Vaccinating 70% of the global population requires at least 11 billion vaccine doses.   By the end of September, just over 6 billion doses had already been administered worldwide.  With global vaccine production now at nearly 1.5 billion doses per month, there is sufficient vaccine from a supply perspective to achieve the global vaccination targets provided that there is equitable distribution of those doses. 

Substantial financing has already been invested to procure most of the required vaccine doses for low- and lower-middle-income countries through COVAX, the African Vaccine Acquisition Trust (AVAT) and bilateral contracts.  There needs to be additional investment to secure the remaining vaccine doses for these countries as well as investment to support in-country delivery.  

The Strategy outlines the priority actions needed from the different actors to achieve the targets.

All Countries must:

  • Establish updated national COVID-19 vaccine targets and plans defining dose requirements to guide manufacturing investment and vaccine redistribution, and financial and programmatic resource needs to guide internal planning and external support;
  • Monitor vaccine demand and uptake carefully to rapidly adapt services and ensure continuity of vaccine supplies;
  • Commit to equitable distribution of vaccines in line with the WHO three-step approach;
  • Revise national vaccination strategies, policies and prioritization as needed to harness emerging evidence to maximize the impact of existing, modified and new vaccines.

Countries with high vaccine coverage must:

  • Swap vaccine delivery schedules, with COVAX and AVAT to enhance coverage in countries in need;
  • Fulfil and accelerate vaccine dose-sharing and donation commitments to COVAX in the near term, for those with existing pledges;
  • Establish new dose-sharing commitments to facilitate progress toward the 70% coverage target in every country.

Vaccine-producing countries must:

  • Allow the free cross-border flow of finished vaccines and raw materials;
  • Enable diversified vaccine production, both geographically and technologically, including through non-exclusive, and transparent licensing and sharing of know-how to allow transfer of technology and scale-up of manufacturing.  

COVID-19 vaccine manufacturers must:

  • Prioritize and fulfil COVAX and AVAT contracts as a matter of urgency;
  • Provide full transparency on the overall monthly production of COVID-19 vaccines and clear monthly schedules for supplies to COVAX, AVAT and low and low-middle income countries, to enable proper global and national-level planning and optimal use of scarce supplies;
  • Actively engage and work with countries that have high coverage and that have contracted high volumes of vaccines to allow the prioritization of COVAX and AVAT contracts, including through delivery schedule swaps, and facilitate rapid and early dose-sharing;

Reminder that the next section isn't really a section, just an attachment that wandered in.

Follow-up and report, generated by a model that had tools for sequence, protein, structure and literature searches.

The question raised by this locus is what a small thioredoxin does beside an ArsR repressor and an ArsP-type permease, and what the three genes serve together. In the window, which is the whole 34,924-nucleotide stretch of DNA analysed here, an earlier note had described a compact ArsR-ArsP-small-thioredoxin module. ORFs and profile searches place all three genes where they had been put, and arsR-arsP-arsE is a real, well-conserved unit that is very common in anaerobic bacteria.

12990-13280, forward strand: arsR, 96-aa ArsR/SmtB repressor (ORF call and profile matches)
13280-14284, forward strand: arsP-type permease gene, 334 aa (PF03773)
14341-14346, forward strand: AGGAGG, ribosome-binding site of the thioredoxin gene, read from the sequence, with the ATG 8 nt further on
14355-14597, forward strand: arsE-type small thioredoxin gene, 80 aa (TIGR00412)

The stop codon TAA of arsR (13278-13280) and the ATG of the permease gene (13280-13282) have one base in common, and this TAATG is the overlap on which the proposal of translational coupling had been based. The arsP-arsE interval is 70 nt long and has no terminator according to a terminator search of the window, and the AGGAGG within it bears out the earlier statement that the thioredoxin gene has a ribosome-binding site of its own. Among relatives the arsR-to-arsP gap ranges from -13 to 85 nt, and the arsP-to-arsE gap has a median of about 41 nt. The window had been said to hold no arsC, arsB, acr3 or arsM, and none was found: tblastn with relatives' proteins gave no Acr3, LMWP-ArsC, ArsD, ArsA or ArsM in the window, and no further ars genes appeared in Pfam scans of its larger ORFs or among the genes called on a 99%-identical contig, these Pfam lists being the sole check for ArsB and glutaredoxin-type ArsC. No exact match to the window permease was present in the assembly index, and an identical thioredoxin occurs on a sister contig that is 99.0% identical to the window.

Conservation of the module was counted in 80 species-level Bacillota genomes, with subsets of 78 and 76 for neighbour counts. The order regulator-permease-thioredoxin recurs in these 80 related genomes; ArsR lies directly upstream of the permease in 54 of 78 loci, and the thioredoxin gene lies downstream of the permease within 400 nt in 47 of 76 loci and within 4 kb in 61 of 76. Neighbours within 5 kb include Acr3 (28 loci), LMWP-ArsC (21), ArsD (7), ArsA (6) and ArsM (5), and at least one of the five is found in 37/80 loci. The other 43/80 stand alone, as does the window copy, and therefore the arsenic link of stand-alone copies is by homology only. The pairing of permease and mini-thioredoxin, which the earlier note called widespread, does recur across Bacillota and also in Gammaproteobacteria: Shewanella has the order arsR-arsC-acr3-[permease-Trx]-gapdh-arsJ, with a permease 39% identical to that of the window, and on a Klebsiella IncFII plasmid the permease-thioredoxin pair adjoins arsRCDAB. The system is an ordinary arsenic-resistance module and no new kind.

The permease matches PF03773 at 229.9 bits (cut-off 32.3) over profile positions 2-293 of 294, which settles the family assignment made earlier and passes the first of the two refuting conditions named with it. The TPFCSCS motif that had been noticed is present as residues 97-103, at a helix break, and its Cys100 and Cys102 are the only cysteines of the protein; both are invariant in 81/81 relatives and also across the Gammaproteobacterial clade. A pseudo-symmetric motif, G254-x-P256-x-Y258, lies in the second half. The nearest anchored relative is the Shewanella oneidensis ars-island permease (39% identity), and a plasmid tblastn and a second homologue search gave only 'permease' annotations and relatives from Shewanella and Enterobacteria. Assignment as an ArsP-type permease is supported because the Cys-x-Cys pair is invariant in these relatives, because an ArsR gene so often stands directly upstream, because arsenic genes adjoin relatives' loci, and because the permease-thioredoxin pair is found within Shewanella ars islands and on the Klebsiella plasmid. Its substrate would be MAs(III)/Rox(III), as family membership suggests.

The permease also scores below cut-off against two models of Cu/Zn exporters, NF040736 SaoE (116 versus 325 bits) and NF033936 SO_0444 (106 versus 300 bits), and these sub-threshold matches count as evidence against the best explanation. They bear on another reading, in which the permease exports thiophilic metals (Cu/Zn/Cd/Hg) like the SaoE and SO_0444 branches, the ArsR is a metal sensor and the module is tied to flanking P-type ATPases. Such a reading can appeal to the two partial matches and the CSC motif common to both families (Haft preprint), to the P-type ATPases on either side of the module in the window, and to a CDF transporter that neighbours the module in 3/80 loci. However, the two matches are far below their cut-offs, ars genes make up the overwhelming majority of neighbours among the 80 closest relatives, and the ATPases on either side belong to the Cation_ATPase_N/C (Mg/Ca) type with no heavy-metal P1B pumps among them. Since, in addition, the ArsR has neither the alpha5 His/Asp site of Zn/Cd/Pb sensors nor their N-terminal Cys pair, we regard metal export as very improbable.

• Commit to share know-how more rapidly, facilitate technology transfer and provide transparent non-exclusive voluntary licenses, to ensure that future vaccine supply is reliable, affordable, available, and deployed to every country in volumes and timing that achieves equitable access.

Civil Society, community organizations, and the private sector must:

  • Advocate locally, nationally and internationally for equitable access to COVID-19 vaccines, tests and treatments, calling for and monitoring in particular the specific actions required of manufacturers, governments and multilateral actors;
  • Mobilize and empower communities, including through social media and community networks, to generate strong vaccine demand and address misinformation and misperceptions that contribute to vaccine hesitancy;
  • Provide support to the in-country delivery of vaccination programmes and services.

Global and regional multilateral development banks and institutions must:

  • Enable countries to more rapidly access the capital and external support needed for in-country vaccine delivery, prioritizing low-income settings and especially targeting support to the technical, logistics and human resources required;
  • Engage fully with COVAX/ACT-Accelerator and AVAT, with integrated operations and real-time sharing of information to truly support equitable access;
  • Support international procurement and allocation mechanisms to enable all countries to equitably, efficiently and rapidly achieve the COVID-19 vaccine targets;
  • Support vaccine distribution plans and a campaign to convey the life-saving importance of approved COVID-19 vaccinations.

For their part, WHO, Gavi, UNICEF and CEPI must work in close collaboration with World Bank, World Trade Organization, International Monetary Fund, Africa CDC, AVAT, and other key partners to monitor progress, identify changes needed to resolve bottlenecks, coordinate information and prioritize actions; continue to co-lead and manage the COVAX Pillar of ACT-Accelerator; support the equitable allocation of available vaccines, particularly to low-, lower-middle-income and lagging countries; directly support countries to develop and sustain rapid, effective, high-quality COVID-19 vaccine delivery programmes that can achieve the global targets; address key research, policy, safety and regulatory issues that will optimize vaccine impact including effective supply, dosing and vaccine schedules, mixing and matching of products, protection against variants, and other issues; and monitor and report monthly on progress towards the global COVID-19 vaccination goals.